Confluence | Aug 14, 2019 | 0
Take a Test That Will Show You Your Unconscious Biases – Because the More You Know the Better You Can Be
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By: Lisa M. Hayes – Confluence Daily is your daily news source for women in the know.
The human brain is a remarkable computer. Much like any other computer you’re used to working with most of the magic that makes it run is happening the background and you don’t see it. Programs are a very real thing for computers and humans. That programming runs silently and it drives most of your behaviors without your awareness. A big part of that programming has to do with biases and let me assure you, everyone has them.
There is a lot of conversation these days about unconscious bias when it comes to racism. However, this goes beyond racial bias. Bias can impact how you related to everyone around you. It encompasses things like racism, ageism, ableism, and everything in between. It’s a complicated subject because everyone has biases and obviously not everyone is racist. There is nothing innately wrong with having biases. Bias sorting is part of the way the human brain processes information at the rate of speed that allows you to function in the world. However, understanding your own unconscious biases might be very useful in decoding how you relate to others in the world, particularly others who are different than you are.
The Kirwan Institute at Ohio University defines unconscious bias as: Implicit social cognition, implicit bias refers to the attitudes or stereotypes that affect our understanding, actions, and decisions in an unconscious manner. These biases, which encompass both favorable and unfavorable assessments, are activated involuntarily and without an individual’s awareness or intentional control. Residing deep in the subconscious, these biases are different from known biases that individuals may choose to conceal for the purposes of social and/or political correctness. Rather, implicit biases are not accessible through introspection.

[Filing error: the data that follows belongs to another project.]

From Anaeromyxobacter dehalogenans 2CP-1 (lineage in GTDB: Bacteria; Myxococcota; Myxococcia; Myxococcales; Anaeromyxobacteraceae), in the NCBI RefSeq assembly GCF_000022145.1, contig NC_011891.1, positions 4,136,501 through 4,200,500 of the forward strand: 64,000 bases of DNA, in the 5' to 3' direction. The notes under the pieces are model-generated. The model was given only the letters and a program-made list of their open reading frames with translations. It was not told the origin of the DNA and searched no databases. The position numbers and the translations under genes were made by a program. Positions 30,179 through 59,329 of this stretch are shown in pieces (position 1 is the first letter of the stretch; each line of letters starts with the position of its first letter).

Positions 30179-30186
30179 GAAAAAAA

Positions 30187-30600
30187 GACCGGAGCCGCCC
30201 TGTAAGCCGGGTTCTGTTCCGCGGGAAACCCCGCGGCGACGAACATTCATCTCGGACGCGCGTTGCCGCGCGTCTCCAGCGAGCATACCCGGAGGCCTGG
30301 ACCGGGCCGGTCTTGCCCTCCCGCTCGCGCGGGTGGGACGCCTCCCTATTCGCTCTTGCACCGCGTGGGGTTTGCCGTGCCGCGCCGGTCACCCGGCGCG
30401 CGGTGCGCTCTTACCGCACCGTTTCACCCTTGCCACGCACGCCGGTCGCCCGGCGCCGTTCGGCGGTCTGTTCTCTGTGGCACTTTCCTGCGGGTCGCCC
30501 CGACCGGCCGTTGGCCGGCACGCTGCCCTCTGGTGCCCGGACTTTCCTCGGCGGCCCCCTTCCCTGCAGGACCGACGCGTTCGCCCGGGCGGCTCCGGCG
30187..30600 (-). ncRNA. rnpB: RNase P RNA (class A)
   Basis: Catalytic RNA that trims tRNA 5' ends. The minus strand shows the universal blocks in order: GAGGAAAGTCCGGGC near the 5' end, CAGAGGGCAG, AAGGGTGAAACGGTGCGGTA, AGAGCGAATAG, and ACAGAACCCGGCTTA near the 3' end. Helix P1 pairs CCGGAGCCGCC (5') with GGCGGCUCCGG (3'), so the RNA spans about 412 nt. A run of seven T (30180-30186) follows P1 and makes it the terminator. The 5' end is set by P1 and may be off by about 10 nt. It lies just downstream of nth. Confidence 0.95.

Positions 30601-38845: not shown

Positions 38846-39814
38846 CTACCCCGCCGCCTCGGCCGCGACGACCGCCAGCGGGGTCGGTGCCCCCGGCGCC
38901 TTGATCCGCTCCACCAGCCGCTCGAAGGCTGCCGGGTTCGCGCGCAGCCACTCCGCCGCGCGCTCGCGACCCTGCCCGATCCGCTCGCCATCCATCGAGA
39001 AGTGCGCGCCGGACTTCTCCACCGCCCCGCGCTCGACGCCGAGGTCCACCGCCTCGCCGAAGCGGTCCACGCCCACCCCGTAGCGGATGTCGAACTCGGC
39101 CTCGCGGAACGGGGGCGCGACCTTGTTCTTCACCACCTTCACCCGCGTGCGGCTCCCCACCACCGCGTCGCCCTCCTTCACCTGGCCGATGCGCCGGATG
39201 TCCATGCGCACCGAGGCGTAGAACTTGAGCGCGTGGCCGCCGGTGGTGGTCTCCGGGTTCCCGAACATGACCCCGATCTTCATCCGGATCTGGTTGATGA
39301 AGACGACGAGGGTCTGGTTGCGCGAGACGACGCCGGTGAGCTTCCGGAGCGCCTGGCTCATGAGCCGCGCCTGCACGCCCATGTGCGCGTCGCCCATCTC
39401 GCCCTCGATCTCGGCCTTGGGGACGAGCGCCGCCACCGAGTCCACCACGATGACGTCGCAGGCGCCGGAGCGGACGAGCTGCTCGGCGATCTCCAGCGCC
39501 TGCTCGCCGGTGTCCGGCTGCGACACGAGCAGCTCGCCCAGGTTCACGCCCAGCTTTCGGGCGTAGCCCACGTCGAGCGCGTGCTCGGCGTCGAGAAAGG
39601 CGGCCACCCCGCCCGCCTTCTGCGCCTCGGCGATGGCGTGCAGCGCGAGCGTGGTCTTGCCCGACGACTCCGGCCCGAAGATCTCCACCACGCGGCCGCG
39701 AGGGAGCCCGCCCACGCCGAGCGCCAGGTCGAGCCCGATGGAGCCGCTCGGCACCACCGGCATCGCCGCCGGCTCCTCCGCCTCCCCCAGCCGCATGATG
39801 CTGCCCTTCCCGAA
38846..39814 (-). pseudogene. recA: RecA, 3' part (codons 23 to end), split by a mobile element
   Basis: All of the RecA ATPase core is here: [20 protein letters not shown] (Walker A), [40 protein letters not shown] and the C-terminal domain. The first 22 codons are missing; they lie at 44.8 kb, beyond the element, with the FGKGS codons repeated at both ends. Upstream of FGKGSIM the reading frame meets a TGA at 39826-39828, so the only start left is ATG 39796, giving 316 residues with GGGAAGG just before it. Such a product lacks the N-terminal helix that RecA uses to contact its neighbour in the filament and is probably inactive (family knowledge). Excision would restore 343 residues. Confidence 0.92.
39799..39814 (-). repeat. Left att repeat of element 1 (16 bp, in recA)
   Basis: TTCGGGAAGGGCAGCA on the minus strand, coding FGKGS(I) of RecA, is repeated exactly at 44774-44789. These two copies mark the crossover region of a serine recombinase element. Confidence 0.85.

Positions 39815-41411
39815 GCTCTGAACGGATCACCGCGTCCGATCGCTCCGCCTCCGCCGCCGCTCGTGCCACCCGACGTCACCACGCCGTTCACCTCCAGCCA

The implicit associations we harbor in our subconscious cause us to have feelings and attitudes about other people based on characteristics such as race, ethnicity, age, and appearance. These associations develop over the course of a lifetime beginning at a very early age through exposure to direct and indirect messages. In addition to early life experiences, the media and news programming are often-cited origins of implicit associations.
A Few Key Characteristics of Implicit Biases
- Implicit biases are pervasive. Everyone possesses them, even people with avowed commitments to impartiality such as judges.
- Implicit and explicit biases are related but distinct mental constructs. They are not mutually exclusive and may even reinforce each other.
- The implicit associations we hold do not necessarily align with our declared beliefs or even reflect stances we would explicitly endorse.
- We generally tend to hold implicit biases that favor our own ingroup, though research has shown that we can still hold implicit biases against our ingroup.
- Implicit biases are malleable. Our brains are incredibly complex, and the implicit associations that we have formed can be gradually unlearned through a variety of debiasing techniques.
Harvard has created a test that takes a few minutes that is particularly accurate in identifying individual unconscious bias.
Everyone should take this test. It’s like getting a peek at the hard code of your brain’s computer. It might change the way you see yourself and others.
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